### Benchmark Mode

You should use this mode in order to compare performance of different computers or settings. Indeed, measuring performance during mining is subject to the random block occurrences, which as said above affect the performance. The Benchmark Mode allows to do "dummy mining" with reproducible conditions and compare more easily performance.

Here is a template of the Benchmark Mode. This is for a benchmark at Difficulty 1024 during 16 minutes. Blocks will appear every 150 s.

Mode = Benchmark
Difficulty = 1024
BenchmarkBlockInterval = 150
BenchmarkTimeLimit = 960
BenchmarkPrimeCountLimit = 0
# ConstellationPattern = 0, 4, 2, 4, 2, 4
# PrimorialNumber = 40


You must reproduce the current mining conditions (put the current Difficulty, and if you are mining before the second Fork or in Testnet, put an appropriate constellation pattern). You should also use the same PrimorialNumber as the one used in mining (the guessed value is slightly different between the modes).

The Search Mode is an alternative for benchmarking, but it is less reproducible and does not propose dummy blocks. In the other direction, do not use the Benchmark Mode to find new records!

## Relevant configuration options

The options that can play a role to the mining performance are

• PrimeTableLimit;
• SieveWorkers;
• SieveBits;
• SieveIterations.

Threads can also be used to reduce the number of threads if wanted.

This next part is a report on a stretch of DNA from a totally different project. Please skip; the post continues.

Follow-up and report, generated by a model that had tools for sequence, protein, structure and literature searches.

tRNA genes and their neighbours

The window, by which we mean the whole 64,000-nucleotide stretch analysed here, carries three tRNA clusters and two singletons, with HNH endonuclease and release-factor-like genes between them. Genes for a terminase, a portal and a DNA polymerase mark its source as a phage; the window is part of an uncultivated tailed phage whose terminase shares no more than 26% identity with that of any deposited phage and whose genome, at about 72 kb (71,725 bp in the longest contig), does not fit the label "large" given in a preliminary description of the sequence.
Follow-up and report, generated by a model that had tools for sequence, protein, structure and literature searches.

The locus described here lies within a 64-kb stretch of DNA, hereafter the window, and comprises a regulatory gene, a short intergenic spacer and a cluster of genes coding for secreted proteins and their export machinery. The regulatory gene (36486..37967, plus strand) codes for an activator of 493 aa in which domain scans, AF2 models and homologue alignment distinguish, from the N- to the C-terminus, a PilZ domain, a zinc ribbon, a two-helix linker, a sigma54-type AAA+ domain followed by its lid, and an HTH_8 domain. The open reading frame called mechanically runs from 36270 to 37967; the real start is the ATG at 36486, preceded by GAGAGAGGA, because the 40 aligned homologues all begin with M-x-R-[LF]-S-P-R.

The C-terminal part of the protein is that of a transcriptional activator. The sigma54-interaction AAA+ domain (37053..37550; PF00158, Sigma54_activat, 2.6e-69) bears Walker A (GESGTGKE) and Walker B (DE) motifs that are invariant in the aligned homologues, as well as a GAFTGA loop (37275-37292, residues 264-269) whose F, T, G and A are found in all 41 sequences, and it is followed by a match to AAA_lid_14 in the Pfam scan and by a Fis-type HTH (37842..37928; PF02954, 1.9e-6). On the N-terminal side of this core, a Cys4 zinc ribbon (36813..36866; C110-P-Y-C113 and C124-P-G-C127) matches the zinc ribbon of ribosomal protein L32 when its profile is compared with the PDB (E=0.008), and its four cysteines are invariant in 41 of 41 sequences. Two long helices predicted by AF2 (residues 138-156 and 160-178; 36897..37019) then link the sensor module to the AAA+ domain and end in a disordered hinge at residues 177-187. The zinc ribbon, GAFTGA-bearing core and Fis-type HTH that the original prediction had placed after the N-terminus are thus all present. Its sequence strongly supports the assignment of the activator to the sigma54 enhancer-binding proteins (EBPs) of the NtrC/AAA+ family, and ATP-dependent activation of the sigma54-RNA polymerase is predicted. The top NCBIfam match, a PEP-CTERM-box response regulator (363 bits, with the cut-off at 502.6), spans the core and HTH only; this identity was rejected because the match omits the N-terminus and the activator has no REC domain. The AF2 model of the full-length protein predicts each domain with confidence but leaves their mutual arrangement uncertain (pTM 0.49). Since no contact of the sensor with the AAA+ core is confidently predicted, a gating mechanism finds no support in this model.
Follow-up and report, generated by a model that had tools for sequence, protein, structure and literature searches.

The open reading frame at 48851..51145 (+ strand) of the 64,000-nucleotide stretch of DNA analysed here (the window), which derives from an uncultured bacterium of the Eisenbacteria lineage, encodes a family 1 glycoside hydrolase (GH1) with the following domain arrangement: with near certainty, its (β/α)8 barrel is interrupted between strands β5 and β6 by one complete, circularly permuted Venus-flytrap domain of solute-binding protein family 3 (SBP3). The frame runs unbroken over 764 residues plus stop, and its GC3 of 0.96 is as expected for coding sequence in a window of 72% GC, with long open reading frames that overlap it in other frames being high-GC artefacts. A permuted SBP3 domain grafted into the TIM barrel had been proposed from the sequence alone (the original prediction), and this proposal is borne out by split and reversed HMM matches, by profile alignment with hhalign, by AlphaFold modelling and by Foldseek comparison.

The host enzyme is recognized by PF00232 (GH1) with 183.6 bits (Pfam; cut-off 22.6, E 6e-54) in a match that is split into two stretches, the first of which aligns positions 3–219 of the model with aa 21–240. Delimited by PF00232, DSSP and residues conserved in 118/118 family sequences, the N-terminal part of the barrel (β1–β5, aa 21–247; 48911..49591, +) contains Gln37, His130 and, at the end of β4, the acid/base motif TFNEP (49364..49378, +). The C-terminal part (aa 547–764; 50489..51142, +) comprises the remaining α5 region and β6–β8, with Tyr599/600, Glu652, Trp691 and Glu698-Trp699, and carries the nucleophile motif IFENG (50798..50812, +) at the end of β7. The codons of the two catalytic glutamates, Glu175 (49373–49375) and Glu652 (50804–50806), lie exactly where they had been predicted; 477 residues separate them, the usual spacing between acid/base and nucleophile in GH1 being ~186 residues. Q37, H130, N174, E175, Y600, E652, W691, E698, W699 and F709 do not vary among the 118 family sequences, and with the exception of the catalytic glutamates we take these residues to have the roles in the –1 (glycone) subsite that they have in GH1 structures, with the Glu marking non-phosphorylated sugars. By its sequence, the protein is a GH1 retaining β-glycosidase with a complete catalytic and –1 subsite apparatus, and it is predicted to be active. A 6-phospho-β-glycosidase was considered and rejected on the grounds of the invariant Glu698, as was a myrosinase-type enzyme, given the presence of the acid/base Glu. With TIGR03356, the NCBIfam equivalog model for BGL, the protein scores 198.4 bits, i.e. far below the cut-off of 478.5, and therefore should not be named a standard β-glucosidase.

Here is a template (to append to the templates from the other guides or the Benchmark template above).

Threads = 0
PrimeTableLimit = 0
SieveWorkers = 0
SieveBits = 0
SieveIterations = 0


You can learn what these settings actually mean by reading the mining algorithm explanation.

0 is a special value that makes an initial but rough guess. Start the miner once with the automatic settings and report the guessed values, shown at the beginning. Then, you can use these values as starting points and tune the parameters like explained below and progressively fill the configuration file with manual values.

## PrimeTableLimit and SieveWorkers

They are the main parameters for rieMiner tuning. Generally:

• Higher PrimeTableLimit is better until a certain point, though increasing this will also increase the memory usage and may cause CPU Underuse. When increasing the PrimeTableLimit, the candidates/s metric will be lower, but the ratio too. So, don't assume that the mining is slower due to a lower candidates/s: you must use the estimated time to find a block instead like explained above;
• Less SieveWorkers is better, as more will increase the memory usage and reduce the candidates/s a bit. However, there is a required minimum, as not having enough SieveWorkers will cause CPU Underuse.